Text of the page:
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Google Faces More Privacy Challenges

Saturday, May 7th, 2011
 

http://www.tipsntech.com/wp-content/uploads/2010/11/Google_Chrome.jpgApple isn’t the only one answering to the judge over privacy invasion issues – now it’s Google’s turn. In the same manner Apple faces lawsuits over privacy invasion about as often as they eat breakfast, Google is now facing a $50 million class action lawsuit over tracking the movements of Android phone users. Whether or not the suit will be found to have merit is up in the air at this time, but at the least it is another headache for a company that already has it’s legal team working overtime.

Most Android owners know that their device keeps a cache of information from cell tower and WiFi usage. Specifically, the cache consists of the last 50 cell towers and 200 WiFi networks that a user has accessed. What some people have a problem with is that in order to get at that data, the user has to hack their phone as it is not made accessible to them to disable under factory specifications.
If that was the whole of the issue, it would be an easy fix. The real problem that is being presented is that Android devices are set to collect this data about every seven or eight minutes which it then transmits to Google. Google stated that it uses the data they receive for a variety of uses, but they have not disclosed the full scope of what those uses are. Further vexing is that the data can be correlated to specific users as Google employs “deanonymization” techniques which apparently they work very hard to keep one step ahead of those whom hack their Android devices specifically to try to stop it – at least that is the unsubstantiated rumor some on the lawsuit are hoping is true.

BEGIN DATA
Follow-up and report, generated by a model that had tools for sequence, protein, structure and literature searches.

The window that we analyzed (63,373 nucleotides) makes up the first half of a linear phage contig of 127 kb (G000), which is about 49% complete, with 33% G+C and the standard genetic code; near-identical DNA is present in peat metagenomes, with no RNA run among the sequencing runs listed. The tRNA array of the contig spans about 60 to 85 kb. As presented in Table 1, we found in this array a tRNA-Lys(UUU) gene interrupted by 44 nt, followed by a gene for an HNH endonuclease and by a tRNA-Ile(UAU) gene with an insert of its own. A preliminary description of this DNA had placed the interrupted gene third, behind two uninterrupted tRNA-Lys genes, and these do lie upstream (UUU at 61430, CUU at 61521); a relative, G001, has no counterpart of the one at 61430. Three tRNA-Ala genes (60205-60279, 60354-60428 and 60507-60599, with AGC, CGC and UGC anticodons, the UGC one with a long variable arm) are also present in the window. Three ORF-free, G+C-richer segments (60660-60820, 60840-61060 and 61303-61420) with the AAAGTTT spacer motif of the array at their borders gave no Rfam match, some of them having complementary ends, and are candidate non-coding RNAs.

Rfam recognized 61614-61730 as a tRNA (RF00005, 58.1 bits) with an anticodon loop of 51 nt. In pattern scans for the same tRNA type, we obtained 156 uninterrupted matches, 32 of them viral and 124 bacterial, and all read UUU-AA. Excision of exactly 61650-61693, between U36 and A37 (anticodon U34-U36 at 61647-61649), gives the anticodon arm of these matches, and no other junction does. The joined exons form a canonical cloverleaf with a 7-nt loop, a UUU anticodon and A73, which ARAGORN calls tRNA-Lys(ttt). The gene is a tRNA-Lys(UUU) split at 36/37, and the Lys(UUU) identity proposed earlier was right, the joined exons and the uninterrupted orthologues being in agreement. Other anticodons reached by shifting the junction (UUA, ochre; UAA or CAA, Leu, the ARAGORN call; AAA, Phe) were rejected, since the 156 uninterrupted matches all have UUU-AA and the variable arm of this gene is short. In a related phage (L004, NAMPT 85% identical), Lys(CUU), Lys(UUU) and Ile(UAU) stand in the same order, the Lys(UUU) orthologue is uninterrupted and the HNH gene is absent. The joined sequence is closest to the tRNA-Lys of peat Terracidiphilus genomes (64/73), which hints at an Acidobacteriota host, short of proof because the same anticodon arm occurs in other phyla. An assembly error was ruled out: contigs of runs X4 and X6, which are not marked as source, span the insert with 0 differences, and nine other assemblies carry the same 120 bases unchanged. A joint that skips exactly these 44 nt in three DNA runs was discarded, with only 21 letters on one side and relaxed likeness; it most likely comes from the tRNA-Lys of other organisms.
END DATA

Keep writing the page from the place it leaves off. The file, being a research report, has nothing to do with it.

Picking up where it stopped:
Allegations have been made that for those whom are tech savvy enough, this data being transmitted to Google, which is said to be unencrypted, can be intercepted and used to track the whereabouts of any user. The concern is that stalkers can use this to victimize individuals and thieves can use it to plan “smart burglaries” of physical locations as they can track the whereabouts of the occupant(s).

Google maintains that they do not collect any data which each user has not consented to parting with. Their stance is that they only collect location data from users that have opted in for that specific service. The problem being cited in the lawsuit is that they contend the agreement to opt in for the service is written in such a manner that it is not reasonable to believe the average user would understand the depth of the sharing that is present. Others have contended that even though they never opted in for the service, their device still transmits the data anyway.

Is it Google – or Apple’s fault for that fact – if users do not fully familiarize themselves with the agreements before agreeing to them? Their stance is that they present a clear and reasonable agreement and that for users to get the most out of their mobile device it is a necessary feature. At this point, it is up to the courts to decide.

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